Tributes to legendary Yate teacher and Chipping Sodbury Rugby Club player Malcolm Gibbon
TRIBUTES have been paid to a rugby ‘legend’ and much-loved teacher who died doing what he loved best, playing sport.
Former Chipping Sodbury Rugby Club first team captain Malcolm Gibbon died on August 18 after suffering a heart attack on a golf course. He was 74 and leaves behind his wife Margaret, their two daughters Alison and Helen and four grandchildren.
Family friend and former teammate Ray Perry told the Gazette: "I have played with and against some great players but he was one of the greatest.
"He was extremely fast, rarely dropped the ball and had one of the most outrageous dummies I have ever seen. He was a natural sportsman and was also good at basketball and soccer and later golf."
Off the rugby pitch he said Malcolm, who was affectionately known as Gerry after his father who played as a full back for Newport RFC, was equally talented.
"He was a good singer and would often treat us to Old Black Magic or a Dean Martin number and he could dance and was a great after dinner speaker," he said. "Gerry was a jovial person, very unassuming but had the personality that when he came into a room you knew he had come in.
"He was a charmer too and enjoyed a beer and socialising. I never saw him angry and it was a privilege knowing him."
After graduating from St Luke’s College in Exeter, he moved to Yate and taught PE and science at former King Edmund Community School, now Yate International Academy, from its inception on Sundridge Park when it was still known as Chipping Sodbury Secondary Modern School.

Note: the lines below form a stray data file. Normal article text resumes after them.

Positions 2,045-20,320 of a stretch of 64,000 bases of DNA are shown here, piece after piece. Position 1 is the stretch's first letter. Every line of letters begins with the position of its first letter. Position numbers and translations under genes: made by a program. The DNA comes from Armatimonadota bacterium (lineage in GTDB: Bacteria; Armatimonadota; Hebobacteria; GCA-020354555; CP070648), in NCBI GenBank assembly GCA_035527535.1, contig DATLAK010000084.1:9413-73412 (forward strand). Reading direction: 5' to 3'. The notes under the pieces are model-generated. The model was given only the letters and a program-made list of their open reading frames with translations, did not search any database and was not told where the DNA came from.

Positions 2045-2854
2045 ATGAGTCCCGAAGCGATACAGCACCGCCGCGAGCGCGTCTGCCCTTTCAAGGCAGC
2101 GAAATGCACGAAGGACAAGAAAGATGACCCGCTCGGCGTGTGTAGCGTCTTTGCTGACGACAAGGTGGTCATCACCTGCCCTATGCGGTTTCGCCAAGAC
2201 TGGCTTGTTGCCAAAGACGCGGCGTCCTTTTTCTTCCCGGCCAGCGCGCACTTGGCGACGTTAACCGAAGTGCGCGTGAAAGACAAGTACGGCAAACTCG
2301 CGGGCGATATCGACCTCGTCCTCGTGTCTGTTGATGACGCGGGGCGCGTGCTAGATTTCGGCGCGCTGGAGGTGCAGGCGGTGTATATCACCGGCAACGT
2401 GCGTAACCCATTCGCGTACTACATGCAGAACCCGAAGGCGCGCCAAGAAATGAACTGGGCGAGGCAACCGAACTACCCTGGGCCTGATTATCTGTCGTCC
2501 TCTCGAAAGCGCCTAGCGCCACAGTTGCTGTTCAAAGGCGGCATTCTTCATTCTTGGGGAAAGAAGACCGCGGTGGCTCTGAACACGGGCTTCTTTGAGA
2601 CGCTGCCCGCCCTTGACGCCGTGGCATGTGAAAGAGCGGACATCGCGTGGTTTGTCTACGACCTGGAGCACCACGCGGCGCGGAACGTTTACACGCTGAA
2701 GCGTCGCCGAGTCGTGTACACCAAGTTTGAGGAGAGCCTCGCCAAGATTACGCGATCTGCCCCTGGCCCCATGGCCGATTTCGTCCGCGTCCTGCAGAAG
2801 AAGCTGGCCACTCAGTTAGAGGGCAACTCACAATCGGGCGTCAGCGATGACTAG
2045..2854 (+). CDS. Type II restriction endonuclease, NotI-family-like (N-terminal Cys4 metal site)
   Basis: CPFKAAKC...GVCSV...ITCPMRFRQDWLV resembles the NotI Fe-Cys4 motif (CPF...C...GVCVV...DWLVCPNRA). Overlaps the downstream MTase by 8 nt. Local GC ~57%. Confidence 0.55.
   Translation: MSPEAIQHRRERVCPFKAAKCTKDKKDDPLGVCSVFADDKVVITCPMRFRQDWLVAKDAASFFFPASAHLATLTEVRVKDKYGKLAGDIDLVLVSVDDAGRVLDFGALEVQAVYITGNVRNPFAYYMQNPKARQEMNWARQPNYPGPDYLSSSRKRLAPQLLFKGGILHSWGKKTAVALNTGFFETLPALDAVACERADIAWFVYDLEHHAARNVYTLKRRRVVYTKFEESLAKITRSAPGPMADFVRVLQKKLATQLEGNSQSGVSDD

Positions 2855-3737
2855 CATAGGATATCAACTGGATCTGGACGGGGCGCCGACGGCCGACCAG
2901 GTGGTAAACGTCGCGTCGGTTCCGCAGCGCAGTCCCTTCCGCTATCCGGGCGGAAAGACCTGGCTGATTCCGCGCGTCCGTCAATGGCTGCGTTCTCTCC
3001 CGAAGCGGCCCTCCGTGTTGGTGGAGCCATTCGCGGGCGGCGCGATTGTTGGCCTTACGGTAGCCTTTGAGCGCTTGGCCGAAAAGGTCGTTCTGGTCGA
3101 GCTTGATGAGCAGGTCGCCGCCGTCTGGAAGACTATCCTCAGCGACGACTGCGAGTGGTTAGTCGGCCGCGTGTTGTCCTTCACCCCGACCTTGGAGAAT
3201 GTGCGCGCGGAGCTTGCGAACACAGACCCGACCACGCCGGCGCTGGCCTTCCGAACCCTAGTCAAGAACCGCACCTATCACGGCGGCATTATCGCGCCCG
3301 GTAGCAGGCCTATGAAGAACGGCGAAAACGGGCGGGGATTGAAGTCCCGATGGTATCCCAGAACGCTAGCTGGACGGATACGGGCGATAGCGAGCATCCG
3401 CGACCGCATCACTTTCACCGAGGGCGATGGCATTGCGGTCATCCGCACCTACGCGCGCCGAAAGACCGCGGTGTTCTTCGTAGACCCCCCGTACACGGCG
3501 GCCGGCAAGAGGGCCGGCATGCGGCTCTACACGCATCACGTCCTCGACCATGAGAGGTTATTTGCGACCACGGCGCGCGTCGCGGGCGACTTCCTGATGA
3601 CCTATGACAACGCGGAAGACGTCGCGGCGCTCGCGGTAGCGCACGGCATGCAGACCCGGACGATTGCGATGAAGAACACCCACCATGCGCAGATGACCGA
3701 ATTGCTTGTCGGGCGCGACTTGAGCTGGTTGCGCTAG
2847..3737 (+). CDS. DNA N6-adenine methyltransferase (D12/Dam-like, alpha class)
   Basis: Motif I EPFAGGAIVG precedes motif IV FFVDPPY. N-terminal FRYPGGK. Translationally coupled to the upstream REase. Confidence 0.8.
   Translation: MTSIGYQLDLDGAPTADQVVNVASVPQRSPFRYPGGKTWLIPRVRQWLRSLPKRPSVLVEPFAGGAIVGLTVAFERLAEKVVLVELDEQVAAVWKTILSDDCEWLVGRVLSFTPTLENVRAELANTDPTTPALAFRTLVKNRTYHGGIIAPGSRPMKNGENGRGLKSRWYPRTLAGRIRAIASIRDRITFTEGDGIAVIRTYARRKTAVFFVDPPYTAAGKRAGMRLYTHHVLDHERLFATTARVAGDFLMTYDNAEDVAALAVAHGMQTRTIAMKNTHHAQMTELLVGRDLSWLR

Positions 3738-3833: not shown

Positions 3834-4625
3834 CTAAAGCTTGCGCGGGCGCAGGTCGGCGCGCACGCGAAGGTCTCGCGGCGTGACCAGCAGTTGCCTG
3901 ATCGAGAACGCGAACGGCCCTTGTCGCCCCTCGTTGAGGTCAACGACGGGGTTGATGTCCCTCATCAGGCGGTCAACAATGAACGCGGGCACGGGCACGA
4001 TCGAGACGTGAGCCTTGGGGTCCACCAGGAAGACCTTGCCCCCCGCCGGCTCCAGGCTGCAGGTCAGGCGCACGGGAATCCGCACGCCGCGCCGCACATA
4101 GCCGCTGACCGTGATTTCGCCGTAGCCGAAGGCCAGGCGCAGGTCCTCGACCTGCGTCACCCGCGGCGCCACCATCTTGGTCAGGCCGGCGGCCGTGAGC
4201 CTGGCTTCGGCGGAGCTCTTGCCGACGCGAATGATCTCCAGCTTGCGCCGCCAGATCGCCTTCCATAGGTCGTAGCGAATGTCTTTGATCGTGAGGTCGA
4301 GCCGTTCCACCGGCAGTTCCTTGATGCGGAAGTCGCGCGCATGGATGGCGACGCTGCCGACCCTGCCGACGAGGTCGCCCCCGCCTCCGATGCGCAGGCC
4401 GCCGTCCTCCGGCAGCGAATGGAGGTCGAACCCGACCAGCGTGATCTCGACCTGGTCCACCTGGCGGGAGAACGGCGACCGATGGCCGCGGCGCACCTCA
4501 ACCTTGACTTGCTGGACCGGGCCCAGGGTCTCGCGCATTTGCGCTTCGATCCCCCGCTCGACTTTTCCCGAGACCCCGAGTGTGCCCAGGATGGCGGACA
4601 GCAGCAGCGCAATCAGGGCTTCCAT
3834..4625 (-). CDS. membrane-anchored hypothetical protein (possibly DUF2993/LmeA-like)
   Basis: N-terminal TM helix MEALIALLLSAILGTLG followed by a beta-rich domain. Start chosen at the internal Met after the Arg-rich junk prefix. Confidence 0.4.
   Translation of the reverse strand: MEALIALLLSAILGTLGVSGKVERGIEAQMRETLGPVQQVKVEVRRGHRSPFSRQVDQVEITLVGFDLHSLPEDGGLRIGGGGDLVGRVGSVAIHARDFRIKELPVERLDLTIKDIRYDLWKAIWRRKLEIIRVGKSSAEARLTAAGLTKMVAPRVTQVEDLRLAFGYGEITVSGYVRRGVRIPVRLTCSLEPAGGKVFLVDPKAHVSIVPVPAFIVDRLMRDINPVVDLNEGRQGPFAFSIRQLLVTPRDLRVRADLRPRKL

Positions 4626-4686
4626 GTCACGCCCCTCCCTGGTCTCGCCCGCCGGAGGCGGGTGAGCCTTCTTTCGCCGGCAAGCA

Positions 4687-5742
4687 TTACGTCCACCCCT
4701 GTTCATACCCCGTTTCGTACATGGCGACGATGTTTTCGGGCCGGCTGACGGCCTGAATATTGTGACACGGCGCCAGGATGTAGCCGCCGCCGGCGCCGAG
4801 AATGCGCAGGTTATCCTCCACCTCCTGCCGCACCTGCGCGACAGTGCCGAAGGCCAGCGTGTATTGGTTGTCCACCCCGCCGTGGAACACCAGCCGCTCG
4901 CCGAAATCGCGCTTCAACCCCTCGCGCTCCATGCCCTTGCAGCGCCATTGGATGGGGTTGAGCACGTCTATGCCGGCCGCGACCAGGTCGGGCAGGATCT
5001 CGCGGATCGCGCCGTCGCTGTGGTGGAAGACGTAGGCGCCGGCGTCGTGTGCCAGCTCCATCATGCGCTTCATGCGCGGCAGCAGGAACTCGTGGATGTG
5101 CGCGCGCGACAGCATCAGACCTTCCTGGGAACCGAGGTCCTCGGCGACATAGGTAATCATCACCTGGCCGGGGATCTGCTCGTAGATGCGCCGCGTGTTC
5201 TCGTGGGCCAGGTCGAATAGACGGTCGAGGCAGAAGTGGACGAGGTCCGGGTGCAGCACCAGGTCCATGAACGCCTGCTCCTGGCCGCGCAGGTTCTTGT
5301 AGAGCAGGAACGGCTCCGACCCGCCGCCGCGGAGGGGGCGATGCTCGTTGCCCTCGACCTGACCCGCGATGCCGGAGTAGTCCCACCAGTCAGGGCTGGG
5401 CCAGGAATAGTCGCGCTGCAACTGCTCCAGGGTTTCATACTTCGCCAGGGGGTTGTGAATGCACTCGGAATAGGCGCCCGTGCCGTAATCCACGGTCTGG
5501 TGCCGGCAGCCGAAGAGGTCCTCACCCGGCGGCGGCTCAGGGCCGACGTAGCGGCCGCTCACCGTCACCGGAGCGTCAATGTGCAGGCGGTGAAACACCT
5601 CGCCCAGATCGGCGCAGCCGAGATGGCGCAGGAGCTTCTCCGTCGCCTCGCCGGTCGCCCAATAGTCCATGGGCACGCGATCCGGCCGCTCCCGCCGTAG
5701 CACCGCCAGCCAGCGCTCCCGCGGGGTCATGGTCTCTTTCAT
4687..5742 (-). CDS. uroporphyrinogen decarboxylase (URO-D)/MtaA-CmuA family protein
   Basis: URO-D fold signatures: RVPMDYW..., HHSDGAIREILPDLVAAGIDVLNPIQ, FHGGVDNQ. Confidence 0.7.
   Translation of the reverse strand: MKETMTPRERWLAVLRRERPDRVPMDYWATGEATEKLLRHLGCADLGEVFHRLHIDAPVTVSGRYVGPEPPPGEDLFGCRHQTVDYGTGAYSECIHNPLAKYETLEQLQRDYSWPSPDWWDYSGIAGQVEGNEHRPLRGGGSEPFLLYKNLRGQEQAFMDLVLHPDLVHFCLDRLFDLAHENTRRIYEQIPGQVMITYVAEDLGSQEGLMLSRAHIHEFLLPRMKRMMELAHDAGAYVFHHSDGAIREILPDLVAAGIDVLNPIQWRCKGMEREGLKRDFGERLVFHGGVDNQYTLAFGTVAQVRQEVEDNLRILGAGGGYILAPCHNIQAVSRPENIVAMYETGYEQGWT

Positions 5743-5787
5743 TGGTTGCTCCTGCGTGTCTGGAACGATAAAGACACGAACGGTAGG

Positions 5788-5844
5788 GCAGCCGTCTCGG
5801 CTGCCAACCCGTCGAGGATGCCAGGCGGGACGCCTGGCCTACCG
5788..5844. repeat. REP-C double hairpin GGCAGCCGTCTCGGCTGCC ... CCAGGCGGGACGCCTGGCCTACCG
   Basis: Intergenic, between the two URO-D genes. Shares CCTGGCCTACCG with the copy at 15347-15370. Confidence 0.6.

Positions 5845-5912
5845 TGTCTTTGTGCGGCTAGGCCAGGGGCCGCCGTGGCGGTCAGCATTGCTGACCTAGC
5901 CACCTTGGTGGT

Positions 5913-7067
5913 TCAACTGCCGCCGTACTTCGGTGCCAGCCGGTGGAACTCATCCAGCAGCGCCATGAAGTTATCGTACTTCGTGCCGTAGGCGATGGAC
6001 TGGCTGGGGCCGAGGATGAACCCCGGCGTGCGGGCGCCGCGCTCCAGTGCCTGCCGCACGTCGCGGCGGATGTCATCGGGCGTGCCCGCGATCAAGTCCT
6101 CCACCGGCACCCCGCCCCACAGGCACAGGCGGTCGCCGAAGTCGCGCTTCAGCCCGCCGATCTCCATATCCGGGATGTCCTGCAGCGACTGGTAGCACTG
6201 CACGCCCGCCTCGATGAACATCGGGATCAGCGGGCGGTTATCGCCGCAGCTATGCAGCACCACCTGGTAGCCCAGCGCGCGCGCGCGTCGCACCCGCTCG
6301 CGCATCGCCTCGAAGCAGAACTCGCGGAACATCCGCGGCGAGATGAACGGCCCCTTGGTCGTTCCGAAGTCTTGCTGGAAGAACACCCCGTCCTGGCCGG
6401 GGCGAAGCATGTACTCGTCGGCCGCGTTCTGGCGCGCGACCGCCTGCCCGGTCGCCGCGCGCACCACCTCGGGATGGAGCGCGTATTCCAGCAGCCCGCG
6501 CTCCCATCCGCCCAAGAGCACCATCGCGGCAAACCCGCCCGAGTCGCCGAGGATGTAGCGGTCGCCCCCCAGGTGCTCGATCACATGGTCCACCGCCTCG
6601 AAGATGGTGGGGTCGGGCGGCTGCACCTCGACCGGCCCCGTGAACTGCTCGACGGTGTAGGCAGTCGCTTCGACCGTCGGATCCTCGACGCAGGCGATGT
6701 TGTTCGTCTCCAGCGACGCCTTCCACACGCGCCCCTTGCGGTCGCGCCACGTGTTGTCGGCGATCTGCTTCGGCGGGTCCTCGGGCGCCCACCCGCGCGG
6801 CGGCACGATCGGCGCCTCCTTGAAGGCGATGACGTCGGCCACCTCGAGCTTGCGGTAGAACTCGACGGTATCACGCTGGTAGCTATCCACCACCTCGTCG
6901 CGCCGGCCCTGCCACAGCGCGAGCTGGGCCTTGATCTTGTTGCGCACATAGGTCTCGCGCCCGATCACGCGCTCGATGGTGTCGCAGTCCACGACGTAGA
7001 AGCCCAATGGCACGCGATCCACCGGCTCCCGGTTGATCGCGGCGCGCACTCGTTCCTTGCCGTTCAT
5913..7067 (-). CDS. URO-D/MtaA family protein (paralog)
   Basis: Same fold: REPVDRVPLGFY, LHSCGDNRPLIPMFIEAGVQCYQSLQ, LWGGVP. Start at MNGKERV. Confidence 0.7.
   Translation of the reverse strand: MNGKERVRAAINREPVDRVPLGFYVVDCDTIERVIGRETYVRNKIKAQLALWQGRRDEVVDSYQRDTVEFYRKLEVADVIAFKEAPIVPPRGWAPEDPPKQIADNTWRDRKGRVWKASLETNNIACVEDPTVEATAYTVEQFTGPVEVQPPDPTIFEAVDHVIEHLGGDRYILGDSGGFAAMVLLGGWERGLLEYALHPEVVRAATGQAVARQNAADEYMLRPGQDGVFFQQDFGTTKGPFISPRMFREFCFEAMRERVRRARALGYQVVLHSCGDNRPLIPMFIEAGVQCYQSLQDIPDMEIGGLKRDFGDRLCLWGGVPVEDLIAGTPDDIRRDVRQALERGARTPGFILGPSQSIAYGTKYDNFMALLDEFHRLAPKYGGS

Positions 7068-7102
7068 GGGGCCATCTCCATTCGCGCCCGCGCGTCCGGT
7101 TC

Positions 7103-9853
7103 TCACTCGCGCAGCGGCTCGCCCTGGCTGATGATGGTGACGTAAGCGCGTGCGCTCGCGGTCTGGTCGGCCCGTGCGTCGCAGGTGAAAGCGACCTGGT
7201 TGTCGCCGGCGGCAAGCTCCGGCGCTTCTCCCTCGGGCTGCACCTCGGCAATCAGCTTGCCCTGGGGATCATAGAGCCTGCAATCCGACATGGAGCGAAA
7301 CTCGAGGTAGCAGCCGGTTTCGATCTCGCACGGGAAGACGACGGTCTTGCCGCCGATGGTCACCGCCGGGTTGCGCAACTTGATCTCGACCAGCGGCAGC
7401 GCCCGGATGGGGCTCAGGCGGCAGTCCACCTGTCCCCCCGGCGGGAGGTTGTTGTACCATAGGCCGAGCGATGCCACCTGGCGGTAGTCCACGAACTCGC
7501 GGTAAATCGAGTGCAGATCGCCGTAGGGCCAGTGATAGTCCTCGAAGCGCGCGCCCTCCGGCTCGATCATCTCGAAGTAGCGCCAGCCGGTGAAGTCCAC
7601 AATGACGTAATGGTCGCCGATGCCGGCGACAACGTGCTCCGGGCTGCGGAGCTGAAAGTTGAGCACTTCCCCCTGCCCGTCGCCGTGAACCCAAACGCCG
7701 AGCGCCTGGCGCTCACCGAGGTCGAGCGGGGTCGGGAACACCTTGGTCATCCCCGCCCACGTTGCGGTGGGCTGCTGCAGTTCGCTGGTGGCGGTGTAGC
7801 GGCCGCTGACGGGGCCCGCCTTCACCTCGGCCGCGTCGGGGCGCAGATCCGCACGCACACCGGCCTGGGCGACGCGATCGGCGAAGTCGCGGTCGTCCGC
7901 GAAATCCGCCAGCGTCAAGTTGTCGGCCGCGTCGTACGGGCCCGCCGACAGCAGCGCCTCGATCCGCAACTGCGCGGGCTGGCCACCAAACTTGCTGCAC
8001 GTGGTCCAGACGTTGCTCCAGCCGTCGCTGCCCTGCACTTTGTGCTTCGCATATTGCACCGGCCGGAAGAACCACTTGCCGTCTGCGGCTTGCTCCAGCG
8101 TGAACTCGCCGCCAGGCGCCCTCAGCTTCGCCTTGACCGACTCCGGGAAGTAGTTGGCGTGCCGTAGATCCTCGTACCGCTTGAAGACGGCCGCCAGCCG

Known to hundreds of Yate teenagers as Mr Gibbon, many of whom attended his funeral last Wednesday (August 28), he was also credited for inspiring numerous young teachers.
Academy principal Roger Gilbert, who started teaching at King Edmunds 30 years ago, said: "He was a great influence on my early years in the profession and his influences and in particular the values he stood for remain with me.
"I feel privileged to have worked alongside him, been influenced by him and most importantly being able to call him and his lovely family, personal friends."
Mr Gilbert said he had been a ‘man who had time for everyone’.
Mr Gibbon moved to Frampton Cotterell where he was a regular in the Live and Let Live and Rising Sun pubs and played at The Kendleshire golf club.
Chris Smith, from Chipping Sodbury Rugby Club, said in a tribute to Mr Gibbon on the club’s website: "If you talk to anyone who knew him he was a legend.
"Gerry was not only a great rugby player, but he was an exceptional sportsman and a very special man who will be sorely missed not only by his close family, but by everyone who knew him."
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